should therefore perform a Lachman test on any knee injury during a game because
A CL tears in the heat of competition are often not obvious by the athlete’s historical
account and sometimes produce li/ le pain initially before swelling sets in. This
underdiagnosis by history is particularly true in emergency rooms (ERs), where the
diagnosis of A CL tear may not be made by the emergency physician. Patients will
often feel that the injury is not serious, especially if they do not have a concomitant
meniscal tear, which would have produced its own set of symptoms. This is
particularly true if the injury is called a “sprain,” such that the patient in many cases
feels that there is no need for orthopaedic follow-up. Because magnetic resonance
imaging (MRI) will usually not be ordered at this time, the diagnosis is easily missed.
Patients with meniscal or articular cartilage damage will usually have continued
symptomatology from their cartilage damage and are more likely to follow-up.
Patients with bucket-handle tears and locked knees will virtually always seek further
care and be diagnosed accurately by the exam or MRI, or at arthroscopy.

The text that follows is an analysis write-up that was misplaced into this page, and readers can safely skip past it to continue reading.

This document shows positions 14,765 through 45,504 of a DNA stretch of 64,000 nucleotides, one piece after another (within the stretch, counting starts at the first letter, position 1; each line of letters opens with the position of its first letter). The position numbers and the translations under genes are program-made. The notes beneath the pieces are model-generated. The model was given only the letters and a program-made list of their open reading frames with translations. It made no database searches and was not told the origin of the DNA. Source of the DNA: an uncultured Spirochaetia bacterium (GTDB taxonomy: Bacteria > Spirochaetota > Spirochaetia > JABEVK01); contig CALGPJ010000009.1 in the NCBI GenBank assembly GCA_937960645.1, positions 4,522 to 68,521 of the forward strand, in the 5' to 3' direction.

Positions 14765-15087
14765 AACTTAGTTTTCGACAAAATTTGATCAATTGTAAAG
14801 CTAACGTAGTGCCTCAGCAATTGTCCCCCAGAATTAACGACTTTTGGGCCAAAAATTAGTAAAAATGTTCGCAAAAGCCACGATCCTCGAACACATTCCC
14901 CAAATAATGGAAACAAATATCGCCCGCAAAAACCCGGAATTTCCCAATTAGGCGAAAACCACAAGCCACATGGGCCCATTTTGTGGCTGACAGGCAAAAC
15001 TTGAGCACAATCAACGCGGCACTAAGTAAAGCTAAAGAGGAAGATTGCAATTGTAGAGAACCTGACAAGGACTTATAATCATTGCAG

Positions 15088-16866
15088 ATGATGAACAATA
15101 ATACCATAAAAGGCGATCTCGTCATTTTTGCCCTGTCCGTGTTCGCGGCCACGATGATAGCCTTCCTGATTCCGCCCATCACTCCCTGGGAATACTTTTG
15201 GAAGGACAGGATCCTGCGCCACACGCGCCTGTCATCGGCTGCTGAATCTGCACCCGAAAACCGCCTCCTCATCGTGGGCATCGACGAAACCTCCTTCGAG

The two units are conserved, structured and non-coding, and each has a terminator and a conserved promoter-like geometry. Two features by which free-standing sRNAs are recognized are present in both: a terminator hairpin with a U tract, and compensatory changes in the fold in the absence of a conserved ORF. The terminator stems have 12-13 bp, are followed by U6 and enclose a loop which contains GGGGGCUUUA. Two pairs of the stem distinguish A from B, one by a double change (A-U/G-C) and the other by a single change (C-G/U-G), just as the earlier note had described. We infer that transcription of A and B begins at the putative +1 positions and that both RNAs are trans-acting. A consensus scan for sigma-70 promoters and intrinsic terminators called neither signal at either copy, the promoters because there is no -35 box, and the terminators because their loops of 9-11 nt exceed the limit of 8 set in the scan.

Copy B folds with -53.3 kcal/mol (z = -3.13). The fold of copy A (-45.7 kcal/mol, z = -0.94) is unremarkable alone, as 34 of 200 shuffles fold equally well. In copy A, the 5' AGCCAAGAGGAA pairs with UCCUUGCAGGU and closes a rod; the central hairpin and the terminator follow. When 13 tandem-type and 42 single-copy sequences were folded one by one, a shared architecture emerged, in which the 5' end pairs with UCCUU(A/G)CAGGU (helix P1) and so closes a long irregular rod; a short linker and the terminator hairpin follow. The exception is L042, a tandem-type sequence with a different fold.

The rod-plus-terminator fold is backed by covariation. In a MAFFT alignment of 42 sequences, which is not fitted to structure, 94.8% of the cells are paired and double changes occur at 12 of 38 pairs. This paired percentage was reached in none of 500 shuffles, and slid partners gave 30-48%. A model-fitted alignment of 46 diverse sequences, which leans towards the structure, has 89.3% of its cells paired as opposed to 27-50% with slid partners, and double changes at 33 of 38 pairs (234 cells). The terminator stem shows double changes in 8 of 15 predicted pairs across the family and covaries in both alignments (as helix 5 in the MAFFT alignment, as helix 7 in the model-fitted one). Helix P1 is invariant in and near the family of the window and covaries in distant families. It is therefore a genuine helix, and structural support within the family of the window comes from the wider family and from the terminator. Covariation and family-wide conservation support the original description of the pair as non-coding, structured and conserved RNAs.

Chronic
Chronic A CL tears often present because of pain from a meniscal tear or articular
cartilage damage. Patients may or may not give a history of instability. Classically
instability will occur during pivoting, but the symptoms can take almost any form. I t
can be confused with patellar instability, particularly in adolescents, as well as
meniscal tear. A ny symptom of instability should cause the orthopaedist to rule in or
rule out ACL tear.
Physical Exam
Pivot Shift
The pivot shift is a specific but very insensitive test for A CL tear in the11,12nonanesthetized patient. I t is also subject to great interobserver error. Because
the pivot shift is often quite painful when positive, has low sensitivity, and usually
adds nothing beyond the Lachman test, I (C. Prodromos) use it only rarely for the
diagnosis of A CL tear in the office. I do use it routinely in the 1- and 2-year follow-up
exams, where its negativity confirms that ACL reconstruction has been successful.
Lachman Test
13The Lachman test, the anterior drawer test in approximately 20 degrees of flexion, is